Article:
Brazil: “Solar Water Heaters will become a culture”
 Brazil: “Solar Water Heaters will become a culture”

Brazil: “Solar Water Heaters will become a culture”

 Carlos F. C. Faria” Carlos F. C. Faria is the founder of Brazilian consultancy Studio Equinócio – SE and former director of the Brazilian solar industry association ABRAVA. Studio Equinócio is dedicated to the development of solar energy in Brazil. The company works in partnership with industries, associations, banks, local governments and energy utilities to establish a solar energy network in Latin America. At the Eurosun 2010, spoke with Carlos Faria about what drives the market in Brazil.
Photo: Eurosun Despite all the talk about the financial crisis, the Brazilian market has increased notably in recent years. What are the driving factors behind that growth?

Carlos F. C. Faria: I think we have had a big drive because of the new building codes which mandate the use of solar water heaters. Twelve cities have already implemented such solar building codes, the largest one being São Paulo. However, there are more than 5,000 cities in Brazil, so it will be a long way until we see mandates all over the country.

Our industry is in a very strong position. There are 200 companies making solar collectors and solar boilers. The exemption of corporate tax and VAT has just been extended again, until the end of 2011.

Our local utilities are required to invest 0.5% of their net turnover in energy-efficiency measures. Almost all of them invest the money in projects with solar water heaters for low-income households. Moreover, Brazil will host the World Cup in 2014 and the Olympic Games in 2016, therefore, we will have a lot of new buildings, stadiums, hotels, hospitals – a great market for solar energy. The government estimates the construction of 60,000 new accommodations, most of them equipped with solar water heating systems. In some of the European countries which have solar obligations, we have seen that system quality goes down, because people want to buy cheap if they are forced to invest. Have you had a similar kind of experience with the solar obligations in Brazil?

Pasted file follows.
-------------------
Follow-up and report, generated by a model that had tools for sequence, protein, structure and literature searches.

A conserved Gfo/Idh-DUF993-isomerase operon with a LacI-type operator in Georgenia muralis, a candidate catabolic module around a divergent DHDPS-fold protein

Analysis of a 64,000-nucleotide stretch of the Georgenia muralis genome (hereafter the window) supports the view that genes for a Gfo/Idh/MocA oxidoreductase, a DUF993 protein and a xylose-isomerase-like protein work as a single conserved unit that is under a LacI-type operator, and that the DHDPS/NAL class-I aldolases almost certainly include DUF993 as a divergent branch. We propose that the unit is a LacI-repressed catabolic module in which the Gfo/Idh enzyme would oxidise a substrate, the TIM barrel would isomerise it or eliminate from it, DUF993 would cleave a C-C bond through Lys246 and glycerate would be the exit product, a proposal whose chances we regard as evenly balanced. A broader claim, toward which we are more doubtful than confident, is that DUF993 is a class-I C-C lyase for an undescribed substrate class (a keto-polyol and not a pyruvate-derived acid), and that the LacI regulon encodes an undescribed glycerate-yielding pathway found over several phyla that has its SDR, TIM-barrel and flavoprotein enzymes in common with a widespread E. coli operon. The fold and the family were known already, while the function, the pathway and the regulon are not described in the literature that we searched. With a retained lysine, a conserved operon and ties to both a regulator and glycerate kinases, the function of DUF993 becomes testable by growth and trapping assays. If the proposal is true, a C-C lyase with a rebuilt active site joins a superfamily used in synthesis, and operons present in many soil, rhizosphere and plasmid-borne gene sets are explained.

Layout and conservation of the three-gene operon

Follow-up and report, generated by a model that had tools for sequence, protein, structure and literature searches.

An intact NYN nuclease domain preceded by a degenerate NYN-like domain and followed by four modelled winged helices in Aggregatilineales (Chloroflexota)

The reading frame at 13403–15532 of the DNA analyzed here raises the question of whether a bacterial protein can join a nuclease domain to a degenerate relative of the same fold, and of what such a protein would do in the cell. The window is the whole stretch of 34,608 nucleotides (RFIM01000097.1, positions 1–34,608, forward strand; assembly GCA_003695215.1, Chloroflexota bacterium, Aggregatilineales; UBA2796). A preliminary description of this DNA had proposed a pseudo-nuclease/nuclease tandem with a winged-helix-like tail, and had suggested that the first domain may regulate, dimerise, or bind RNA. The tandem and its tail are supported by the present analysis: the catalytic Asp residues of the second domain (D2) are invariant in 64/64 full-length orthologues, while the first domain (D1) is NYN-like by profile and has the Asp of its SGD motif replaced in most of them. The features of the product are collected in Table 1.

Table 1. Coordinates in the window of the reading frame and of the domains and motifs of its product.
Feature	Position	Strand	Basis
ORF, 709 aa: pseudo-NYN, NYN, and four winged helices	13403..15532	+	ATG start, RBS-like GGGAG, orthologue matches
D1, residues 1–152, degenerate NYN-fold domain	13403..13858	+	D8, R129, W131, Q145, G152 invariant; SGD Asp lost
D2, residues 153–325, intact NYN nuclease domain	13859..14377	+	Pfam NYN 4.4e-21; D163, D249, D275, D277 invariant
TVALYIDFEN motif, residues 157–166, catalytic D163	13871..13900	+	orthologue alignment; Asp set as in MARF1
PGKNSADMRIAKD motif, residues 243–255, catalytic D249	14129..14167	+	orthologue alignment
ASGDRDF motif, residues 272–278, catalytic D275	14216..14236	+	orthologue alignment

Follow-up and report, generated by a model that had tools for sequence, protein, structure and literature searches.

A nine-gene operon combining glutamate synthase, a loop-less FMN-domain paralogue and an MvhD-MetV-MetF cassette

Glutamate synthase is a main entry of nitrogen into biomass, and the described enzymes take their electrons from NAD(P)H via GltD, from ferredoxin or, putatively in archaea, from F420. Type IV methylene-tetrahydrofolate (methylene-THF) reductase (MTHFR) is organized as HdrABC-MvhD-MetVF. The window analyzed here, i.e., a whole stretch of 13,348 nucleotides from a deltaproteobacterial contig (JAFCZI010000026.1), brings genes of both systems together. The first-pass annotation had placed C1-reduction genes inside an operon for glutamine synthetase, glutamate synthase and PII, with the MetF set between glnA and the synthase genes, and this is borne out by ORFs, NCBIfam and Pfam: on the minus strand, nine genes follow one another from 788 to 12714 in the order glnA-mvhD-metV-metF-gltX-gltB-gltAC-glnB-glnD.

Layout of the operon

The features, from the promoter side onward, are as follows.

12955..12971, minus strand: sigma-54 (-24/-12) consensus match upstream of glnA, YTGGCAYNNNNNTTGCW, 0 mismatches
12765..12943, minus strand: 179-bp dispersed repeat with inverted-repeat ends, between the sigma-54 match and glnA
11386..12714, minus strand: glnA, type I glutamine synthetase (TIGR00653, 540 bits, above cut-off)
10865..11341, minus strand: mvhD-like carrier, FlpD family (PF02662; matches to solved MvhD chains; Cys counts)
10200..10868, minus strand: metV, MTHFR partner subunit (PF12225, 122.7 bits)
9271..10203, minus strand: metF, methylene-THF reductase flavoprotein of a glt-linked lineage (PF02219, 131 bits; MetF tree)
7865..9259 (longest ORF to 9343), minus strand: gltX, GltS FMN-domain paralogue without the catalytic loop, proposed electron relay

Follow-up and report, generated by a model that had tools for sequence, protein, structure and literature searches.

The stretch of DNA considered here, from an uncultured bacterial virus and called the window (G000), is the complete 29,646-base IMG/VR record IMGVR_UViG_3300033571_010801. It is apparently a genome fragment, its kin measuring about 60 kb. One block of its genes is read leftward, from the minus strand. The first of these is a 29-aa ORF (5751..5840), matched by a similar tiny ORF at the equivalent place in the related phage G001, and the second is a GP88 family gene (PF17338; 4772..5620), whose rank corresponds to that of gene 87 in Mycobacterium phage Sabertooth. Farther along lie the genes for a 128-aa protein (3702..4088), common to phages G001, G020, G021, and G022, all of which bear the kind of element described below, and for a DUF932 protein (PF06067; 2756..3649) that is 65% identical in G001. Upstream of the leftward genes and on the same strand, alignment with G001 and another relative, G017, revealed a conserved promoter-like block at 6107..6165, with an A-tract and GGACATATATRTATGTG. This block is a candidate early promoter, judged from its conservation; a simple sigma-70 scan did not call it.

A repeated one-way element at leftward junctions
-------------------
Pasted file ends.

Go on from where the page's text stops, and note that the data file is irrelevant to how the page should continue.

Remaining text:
Carlos F. C. Faria: No, because we learned from the experiences in Europe. So when we designed the mandatory building law, we implemented some minimum standards for efficiency and warranty. And, it is necessary to participate in the labelling program in Brazil.

Aside from that, we mandated a minimum of solar fraction for each region of Brazil. For example, in São Paulo, a solar thermal system has to achieve a minimum of 40% of solar fraction. The only criterion that can keep the builder from installing a solar water heater are the shadows cast by surrounding buildings.

I think the mandate creates a new culture among the builders. First, they didn’t know what a solar water heater was, that’s why they showed great resistance and became very upset with the law in the beginning. But now, they are creating new solutions, new kinds of buildings. For example, when solar installations were requested in large buildings with 30 to 40 floors, we had to create new engineering solutions to distribute the solar hot water in these buildings. It looks as if solar water heaters will become a culture in our country. Everybody wants to have one in his home. I think there’s going to be a big change. And, amazingly enough, this works without subsidies. So I think the payback times must be reasonable for private and commercial investors?

Carlos F. C. Faria: Yes, they are. In the beginning, some of the local utilities created some rebate programs, but that was 20 years ago. Today, we don’t have subsidies at all. The solar industry just doesn’t pay taxes, which you could call an incentive by the government. Payback times are very short, because electricity is expensive in the residential sector in Brazil. Today, the payback time for a system is between 1 and 4 years, depending on the region. The maximum payback time is five years if we are talking about some industrial applications for which electricity and gas tariffs are very low. Solar water heaters in Brazil can certainly compete with electricity and gas and it makes sense to substitute these kinds of fossil energy sources, which are necessary for applications other than warm water at low temperatures. Have you already encountered some European suppliers, which sell solar thermal systems in Brazil?

Carlos F. C. Faria: Yes, several foreign enterprises are seeking to forge partnerships with Brazilian companies. We now have some joint ventures, because one thing is important above all: price. Many companies from Europe try to export their technology, but the price tag is too high, which means that selling European or North American products in Brazil is a difficult task. But if you form a joint venture, it’s becoming affordable, because of the technology transfer that goes hand in hand with an increase in manufacturing quality and the development of new applications, such as solar cooling or industrial process heat. I think there is enough room for new solar thermal suppliers and I know that we have many companies looking for partners in Europe, so there are many great opportunities to form joint ventures with Brazilian companies.

Baerbel Epp

Bärbel Epp is Founder and Director of the German communication and market research agency solrico and editor-in-chief of